Patients with chronic thrombotic involvement of large pulmonary arteries and cor pulmonale may be candidates for pulmonary thromboendarterectomy. After the institution of cardiopulmonary bypass and deep hypothermia, incisions are made in both pulmonary arteries to remove organized thrombi. When this approach is successful, pulmonary hypertension will abate during the first few postoperative months and the quality of life will improve. Among properly selected patients at experienced centers, the mortality rate ranges from 5 to 10 percent.
The inability to remove sufficient thrombotic material at surgery (resulting in persistent postoperative pulmonary hypertension and right ventricular dysfunction) and severe reperfusion-associated lung injury are the two major causes of death.

Prevention
Prevention of pulmonary embolism is of paramount importance because the disorder is difficult to detect, and treatment of established pulmonary embolism is not universally successful. The specific regimen that is chosen is less important than ensuring that all hospitalized patients are evaluated and stratified according to the risk of pulmonary embolism and that appropriate prophylaxis is implemented.
Mechanical approaches to prevention include the use of graduated-compression stockings, devices that provide intermittent pneumatic compression and inferior caval venous filters alone or in combination.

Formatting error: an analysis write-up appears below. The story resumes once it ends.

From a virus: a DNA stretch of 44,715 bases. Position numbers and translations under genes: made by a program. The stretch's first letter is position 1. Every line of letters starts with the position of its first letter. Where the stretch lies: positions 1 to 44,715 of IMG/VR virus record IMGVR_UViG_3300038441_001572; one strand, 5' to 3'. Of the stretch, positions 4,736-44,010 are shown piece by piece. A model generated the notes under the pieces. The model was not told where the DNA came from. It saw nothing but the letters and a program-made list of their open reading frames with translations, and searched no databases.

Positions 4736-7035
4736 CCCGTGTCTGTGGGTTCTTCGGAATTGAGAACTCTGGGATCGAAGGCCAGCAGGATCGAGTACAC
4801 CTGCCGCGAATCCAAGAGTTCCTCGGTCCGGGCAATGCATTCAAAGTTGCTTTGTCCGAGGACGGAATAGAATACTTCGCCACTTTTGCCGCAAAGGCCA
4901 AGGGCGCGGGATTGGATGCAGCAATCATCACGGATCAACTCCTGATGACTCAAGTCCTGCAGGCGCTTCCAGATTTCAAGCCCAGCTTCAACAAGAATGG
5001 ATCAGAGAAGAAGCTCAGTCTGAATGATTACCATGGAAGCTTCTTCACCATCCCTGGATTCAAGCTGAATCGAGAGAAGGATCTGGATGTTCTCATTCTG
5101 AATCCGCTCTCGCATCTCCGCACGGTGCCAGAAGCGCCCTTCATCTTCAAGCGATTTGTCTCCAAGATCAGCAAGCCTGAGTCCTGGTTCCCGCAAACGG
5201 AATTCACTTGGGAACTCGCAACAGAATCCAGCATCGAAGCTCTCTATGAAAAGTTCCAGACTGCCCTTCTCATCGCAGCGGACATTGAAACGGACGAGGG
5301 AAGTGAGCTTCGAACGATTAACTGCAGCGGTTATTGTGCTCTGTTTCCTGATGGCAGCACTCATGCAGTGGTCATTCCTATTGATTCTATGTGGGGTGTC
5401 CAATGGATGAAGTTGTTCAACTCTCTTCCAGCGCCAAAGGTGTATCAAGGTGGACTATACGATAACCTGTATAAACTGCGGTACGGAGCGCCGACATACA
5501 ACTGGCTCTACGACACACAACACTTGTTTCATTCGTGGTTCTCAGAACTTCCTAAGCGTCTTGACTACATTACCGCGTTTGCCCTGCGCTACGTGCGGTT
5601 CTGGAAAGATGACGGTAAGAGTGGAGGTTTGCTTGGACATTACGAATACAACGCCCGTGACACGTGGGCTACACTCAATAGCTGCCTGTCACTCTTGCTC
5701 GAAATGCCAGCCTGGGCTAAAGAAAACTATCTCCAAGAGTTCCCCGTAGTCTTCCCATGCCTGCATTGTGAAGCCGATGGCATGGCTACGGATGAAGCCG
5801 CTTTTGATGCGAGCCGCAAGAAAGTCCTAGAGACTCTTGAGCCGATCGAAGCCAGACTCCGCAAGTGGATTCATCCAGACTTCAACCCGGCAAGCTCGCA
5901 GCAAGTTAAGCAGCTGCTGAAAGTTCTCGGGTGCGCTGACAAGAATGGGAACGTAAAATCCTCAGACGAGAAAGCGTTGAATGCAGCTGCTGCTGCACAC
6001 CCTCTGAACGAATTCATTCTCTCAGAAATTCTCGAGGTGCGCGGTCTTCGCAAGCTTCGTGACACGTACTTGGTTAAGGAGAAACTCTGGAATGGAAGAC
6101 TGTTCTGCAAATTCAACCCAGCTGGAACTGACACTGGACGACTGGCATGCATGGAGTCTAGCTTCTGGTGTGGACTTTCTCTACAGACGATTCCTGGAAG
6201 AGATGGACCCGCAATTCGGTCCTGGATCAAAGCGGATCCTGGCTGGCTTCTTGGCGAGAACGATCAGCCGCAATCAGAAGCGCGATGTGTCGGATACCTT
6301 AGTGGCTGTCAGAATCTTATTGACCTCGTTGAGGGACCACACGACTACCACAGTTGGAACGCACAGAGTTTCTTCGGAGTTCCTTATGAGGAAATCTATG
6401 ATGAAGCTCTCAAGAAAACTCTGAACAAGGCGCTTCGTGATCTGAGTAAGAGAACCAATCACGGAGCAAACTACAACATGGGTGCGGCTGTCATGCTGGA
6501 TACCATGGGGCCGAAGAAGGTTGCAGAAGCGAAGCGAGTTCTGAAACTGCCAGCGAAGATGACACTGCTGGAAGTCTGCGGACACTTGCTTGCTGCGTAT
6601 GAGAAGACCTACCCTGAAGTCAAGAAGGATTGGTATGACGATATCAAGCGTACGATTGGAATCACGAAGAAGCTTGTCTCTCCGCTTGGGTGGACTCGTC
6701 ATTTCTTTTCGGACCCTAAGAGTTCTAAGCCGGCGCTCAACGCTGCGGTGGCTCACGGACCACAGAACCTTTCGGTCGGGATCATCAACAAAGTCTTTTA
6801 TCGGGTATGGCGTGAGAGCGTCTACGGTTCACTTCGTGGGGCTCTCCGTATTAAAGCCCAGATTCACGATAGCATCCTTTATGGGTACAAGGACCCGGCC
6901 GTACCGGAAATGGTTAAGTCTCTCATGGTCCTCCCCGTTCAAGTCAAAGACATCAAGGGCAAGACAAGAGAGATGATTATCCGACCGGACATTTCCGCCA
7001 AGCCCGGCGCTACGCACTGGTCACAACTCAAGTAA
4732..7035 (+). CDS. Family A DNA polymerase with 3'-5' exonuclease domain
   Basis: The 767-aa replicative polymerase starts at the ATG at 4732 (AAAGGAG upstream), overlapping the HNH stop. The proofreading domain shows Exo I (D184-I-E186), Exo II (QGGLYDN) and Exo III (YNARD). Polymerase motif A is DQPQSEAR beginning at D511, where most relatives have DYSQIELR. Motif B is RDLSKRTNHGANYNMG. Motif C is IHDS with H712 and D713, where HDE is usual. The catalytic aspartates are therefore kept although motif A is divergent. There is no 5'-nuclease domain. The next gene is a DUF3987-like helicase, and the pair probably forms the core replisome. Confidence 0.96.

In addition to increasing venous blood flow in the legs, intermittent pneumatic compression increases endogenous fibrinolysis by stimulating the vascular endothelial wall.24 This approach also had the highest rate of compliance among patients in an intensive care unit. Among less critically ill patients, however, compliance may not be adequate.
Foot pumps, which compress the plantar venous plexus, have also been used as prophylaxis, but they have not been investigated extensively in randomized, controlled studies.
Fixed, low doses of subcutaneous unfractionated heparin have been used for perioperative laboratory monitoring and reduce the rate of fatal pulmonary embolism by two thirds.25 The initial injection is administered two hours before the skin is incised. Heparin is continued until the patient is discharged.
Patients in intensive care units are often poor candidates for pharmacologic prophylaxis because of overt bleeding or thrombocytopenia. Leg ulcers, wounds, or peripheral arterial occlusive disease may preclude the use of intermittent pneumatic compression.
The limitations of traditional anticoagulants have prompted the development of new agents. Drugs that are in an advanced stage of development but have not yet received the approval from the Food and Drug Administration include parenteral synthetic pentasaccharide analogues (e.g., fondaparinux and irdaparinux) and oral direct thrombin inhibitors (e.g., ximelagatran).
Large, randomized trials comparing fondaparinux, respectively ximelagatran, with enoxaparin for the initial treatment of deep vein thrombosis, rates of symptomatic, recurrent venous thromboembolism and major bleeding were not statistically different between the groups.26
In contrast to warfarin, ximelagatran does not require monitoring of the degree of anticoagulation, but may induce elevations in liver enzyme levels in 5% to 10% of patients receiving long- term therapy. Further studies are required to define the appropriate role of these new agents.

CONCLUSIONS

We have recently gained a better understanding of environmental and inherited risk factors for venous thromboembolism. A wide array of diagnostic tools maximizes our ability to detect or rule out pulmonary embolism. Finally, the expansion of options for prophylaxis facilitates the prevention of this potentially serious disorder.